One of the keys to the site, says Internet Explorer's Roger Capriotti, is software developed by Bing called the Panorama Viewer. "We've taken David's great imagery, converted it into website code, and then the Panorama Viewer gives us the ability to pinch and zoom and get into incredible detail."
Structured around a trek from the Nepalese village of Lukla, home to the Tenzing-Hillary Airport and the start of most Everest expeditions, to the very top of the mountain, the site is a series of stunning gigapixel and high-resolution panoramas which, when zoomed into, reveal surprising secrets.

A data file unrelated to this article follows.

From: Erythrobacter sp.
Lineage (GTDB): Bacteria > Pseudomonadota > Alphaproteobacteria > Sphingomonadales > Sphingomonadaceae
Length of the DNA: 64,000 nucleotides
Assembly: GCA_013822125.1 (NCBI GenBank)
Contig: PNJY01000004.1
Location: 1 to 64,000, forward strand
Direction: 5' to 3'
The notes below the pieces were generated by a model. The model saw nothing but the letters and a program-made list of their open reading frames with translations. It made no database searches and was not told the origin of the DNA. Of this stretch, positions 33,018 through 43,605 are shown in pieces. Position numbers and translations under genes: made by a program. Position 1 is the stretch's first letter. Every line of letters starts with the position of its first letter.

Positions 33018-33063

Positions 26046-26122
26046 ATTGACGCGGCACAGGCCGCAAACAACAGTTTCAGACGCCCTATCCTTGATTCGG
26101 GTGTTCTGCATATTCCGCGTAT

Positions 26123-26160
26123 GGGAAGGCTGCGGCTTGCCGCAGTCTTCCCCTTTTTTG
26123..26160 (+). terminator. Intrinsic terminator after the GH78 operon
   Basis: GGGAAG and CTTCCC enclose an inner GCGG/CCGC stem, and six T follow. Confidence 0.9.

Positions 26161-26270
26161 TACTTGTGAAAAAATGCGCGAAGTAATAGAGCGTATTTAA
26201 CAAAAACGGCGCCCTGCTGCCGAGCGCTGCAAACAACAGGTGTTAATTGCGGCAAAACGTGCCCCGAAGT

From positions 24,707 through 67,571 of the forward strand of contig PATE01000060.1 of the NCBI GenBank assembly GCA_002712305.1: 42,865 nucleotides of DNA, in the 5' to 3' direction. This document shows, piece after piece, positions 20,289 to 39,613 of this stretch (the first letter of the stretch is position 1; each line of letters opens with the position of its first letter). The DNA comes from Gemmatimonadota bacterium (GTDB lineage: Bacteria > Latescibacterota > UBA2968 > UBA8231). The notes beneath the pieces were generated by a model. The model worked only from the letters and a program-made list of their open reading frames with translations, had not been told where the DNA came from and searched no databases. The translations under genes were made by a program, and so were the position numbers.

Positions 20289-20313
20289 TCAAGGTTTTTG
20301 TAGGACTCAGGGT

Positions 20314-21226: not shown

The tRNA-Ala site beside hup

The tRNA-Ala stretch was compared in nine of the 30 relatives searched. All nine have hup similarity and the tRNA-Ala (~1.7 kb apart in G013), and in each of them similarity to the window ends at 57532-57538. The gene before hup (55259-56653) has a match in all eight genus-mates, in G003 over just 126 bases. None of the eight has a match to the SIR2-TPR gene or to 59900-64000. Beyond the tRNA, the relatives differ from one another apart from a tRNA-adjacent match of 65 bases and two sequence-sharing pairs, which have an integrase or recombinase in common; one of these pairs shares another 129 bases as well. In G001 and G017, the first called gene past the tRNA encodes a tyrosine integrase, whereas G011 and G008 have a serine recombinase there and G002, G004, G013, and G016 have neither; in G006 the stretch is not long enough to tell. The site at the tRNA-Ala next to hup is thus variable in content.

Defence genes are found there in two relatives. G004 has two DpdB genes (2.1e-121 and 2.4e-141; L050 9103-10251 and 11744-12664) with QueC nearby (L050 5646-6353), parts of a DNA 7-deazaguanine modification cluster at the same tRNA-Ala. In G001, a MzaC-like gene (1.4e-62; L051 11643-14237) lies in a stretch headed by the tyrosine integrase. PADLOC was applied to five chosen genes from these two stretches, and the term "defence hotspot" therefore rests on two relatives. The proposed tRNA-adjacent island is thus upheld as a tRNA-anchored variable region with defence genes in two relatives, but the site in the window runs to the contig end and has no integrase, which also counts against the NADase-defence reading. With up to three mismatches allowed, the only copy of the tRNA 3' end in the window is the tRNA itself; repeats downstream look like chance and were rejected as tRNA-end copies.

A beautiful view of the Khumbu Glacier stitched together, says Capriati, from 457 high-resolution images, yields seemingly hundreds of brightly-colored tents of the Everest Base Camp. Scroll up and zoom in again, and there are mountaineers beginning the long trek up the mountain.
The more you zoom in, the more Easter egg-like surprises reveal themselves: a horse by a tree in a monastery, for example, or a video of a bazaar. Although it functions across all platforms, the site's full impact can truly be felt on touch screen-enabled browsers and devices: mouse clicks work just fine, but these are images that yearn to be scrolled, pinched and zoomed.